“This award offers a very important application scenario for us to validate our network alignment and subgraph matching algorithm, so we hope our work can make a tangible impact on this very real application domain,” Tong said.
Tong said he is also excited to work with HRL Laboratories on this project.
“Our research interests have significant overlap, especially on networks, so our strengths can be complementary to each other,” Tong said. “We both hope that this is a starting point of much broader partnerships between the two institutions.”
He said he looks forward to having the benefit of HRL’s systems-level expertise and the use of its large computing facilities to conduct the research.
The collaboration will help to expand upon the work Tong has been conducting in the Data Lab @ ASU.
“Network alignment and subgraph matching are at the very heart of our research agenda to develop new network analysis algorithms,” Tong said.
After a postdoctoral fellowship at Carnegie Mellon University following his doctoral studies in machine learning, Tong worked as a research staff member at IBM T.J. Watson Research Center. And though he enjoyed doing research in industry, he wanted to come back to academia to work with students.
Tong, recognized as this year’s best researcher among the junior faculty in the School of Computing, Informatics, and Decision Systems Engineering, joined the Fulton Schools faculty in 2014 after a year with the City University of New York’s computer science department.
Since arriving at ASU, Tong has received a five-year, $500,000 National Science Foundation CAREER Award for his project, “Network Robustification: Theories, Algorithms and Applications,” in which he is developing new strategies and algorithms to robustify networks, in order words, to make them more resilient against disruption.
He has also received the 2015 IEEE International Conference on Data Mining 10-Year Highest Impact Paper Award, building on his previous four best paper awards, five best of conference awards and two best demo finalists over the past 10-plus years.
Recently, he received the highly competitive 2018 SDM/IBM Early Career Data Mining Research Award. This annual award recognizes one individual in the field of data science who has made outstanding, influential and lasting contributions to the field within 10 years of having received a doctoral degree.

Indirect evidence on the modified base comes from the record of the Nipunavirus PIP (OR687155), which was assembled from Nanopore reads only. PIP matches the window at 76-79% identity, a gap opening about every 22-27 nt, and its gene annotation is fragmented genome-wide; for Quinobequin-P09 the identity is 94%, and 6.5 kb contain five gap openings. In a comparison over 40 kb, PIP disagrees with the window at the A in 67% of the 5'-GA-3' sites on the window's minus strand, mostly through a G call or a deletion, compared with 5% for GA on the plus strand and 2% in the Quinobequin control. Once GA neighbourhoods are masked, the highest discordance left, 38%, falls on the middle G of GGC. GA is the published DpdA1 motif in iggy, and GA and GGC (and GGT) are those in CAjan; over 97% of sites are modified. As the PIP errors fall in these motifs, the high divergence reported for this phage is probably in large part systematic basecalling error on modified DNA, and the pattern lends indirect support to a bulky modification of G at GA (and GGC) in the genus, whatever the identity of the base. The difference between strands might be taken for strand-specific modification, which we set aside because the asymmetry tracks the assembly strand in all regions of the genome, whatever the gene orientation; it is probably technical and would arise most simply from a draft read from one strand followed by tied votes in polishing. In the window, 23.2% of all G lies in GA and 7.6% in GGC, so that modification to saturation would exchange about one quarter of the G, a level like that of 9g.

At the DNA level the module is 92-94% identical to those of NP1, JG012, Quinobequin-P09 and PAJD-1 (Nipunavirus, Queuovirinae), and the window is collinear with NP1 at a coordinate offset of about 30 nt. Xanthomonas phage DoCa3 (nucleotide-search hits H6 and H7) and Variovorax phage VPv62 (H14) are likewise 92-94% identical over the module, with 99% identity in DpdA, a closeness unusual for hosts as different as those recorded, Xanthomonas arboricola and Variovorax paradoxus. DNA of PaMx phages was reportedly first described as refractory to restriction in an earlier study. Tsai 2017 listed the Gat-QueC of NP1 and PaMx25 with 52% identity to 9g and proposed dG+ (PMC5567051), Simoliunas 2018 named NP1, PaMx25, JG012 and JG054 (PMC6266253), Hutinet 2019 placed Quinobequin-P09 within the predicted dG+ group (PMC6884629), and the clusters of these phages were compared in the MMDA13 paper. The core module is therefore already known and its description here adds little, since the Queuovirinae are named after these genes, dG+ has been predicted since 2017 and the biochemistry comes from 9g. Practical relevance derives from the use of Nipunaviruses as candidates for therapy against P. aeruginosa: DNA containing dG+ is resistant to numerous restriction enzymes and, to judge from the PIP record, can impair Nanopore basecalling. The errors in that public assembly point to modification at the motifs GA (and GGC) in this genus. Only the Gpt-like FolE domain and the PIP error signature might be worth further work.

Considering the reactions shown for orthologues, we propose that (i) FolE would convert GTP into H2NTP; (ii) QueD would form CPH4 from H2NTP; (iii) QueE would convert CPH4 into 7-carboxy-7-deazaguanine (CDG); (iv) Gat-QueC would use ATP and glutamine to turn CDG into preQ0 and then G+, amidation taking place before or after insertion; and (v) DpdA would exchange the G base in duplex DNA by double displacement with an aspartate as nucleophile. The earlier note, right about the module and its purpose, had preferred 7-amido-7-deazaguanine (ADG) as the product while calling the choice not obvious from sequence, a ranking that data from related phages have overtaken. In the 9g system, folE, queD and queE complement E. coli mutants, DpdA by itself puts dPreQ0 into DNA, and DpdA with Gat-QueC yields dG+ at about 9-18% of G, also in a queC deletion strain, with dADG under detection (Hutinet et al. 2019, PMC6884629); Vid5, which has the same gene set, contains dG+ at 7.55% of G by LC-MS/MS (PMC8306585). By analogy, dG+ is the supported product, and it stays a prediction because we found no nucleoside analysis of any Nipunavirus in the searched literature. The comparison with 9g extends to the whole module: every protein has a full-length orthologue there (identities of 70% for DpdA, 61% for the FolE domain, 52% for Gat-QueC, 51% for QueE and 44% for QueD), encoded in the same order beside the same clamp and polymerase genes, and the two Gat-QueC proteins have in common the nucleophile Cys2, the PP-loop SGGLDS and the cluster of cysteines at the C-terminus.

He lends his expertise as acting or associate editor of several research journals in his field, as a program committee member in multiple data mining, databases and artificial intelligence conferences, and has authored more than 100 peer-reviewed articles.
Tong said he is most proud of the many achievements of his students. For example, one of his master’s students received a best demo nomination from the leading information retrieval and data mining conference CIKM 2017, and the prestigious NSF Graduate Research Fellowship this year. He said he is grateful for the support he has been receiving from many of his ASU colleagues, some of whom began helping him long before he joined the university.
Though his work with DARPA is aimed at a particular WMT detection application, Tong hopes the algorithm his team develops has many uses beyond this project.
“We don’t want to just develop an arbitrary algorithm with narrow applicability,” Tong said.
He hopes the algorithms he creates can also help other researchers in their various areas of science and engineering expertise.
“I feel other research can benefit from my research, and if it helps someone prove a new theorem or make a new algorithm that is better, more effective, faster or more scalable it always makes me excited,” Tong said.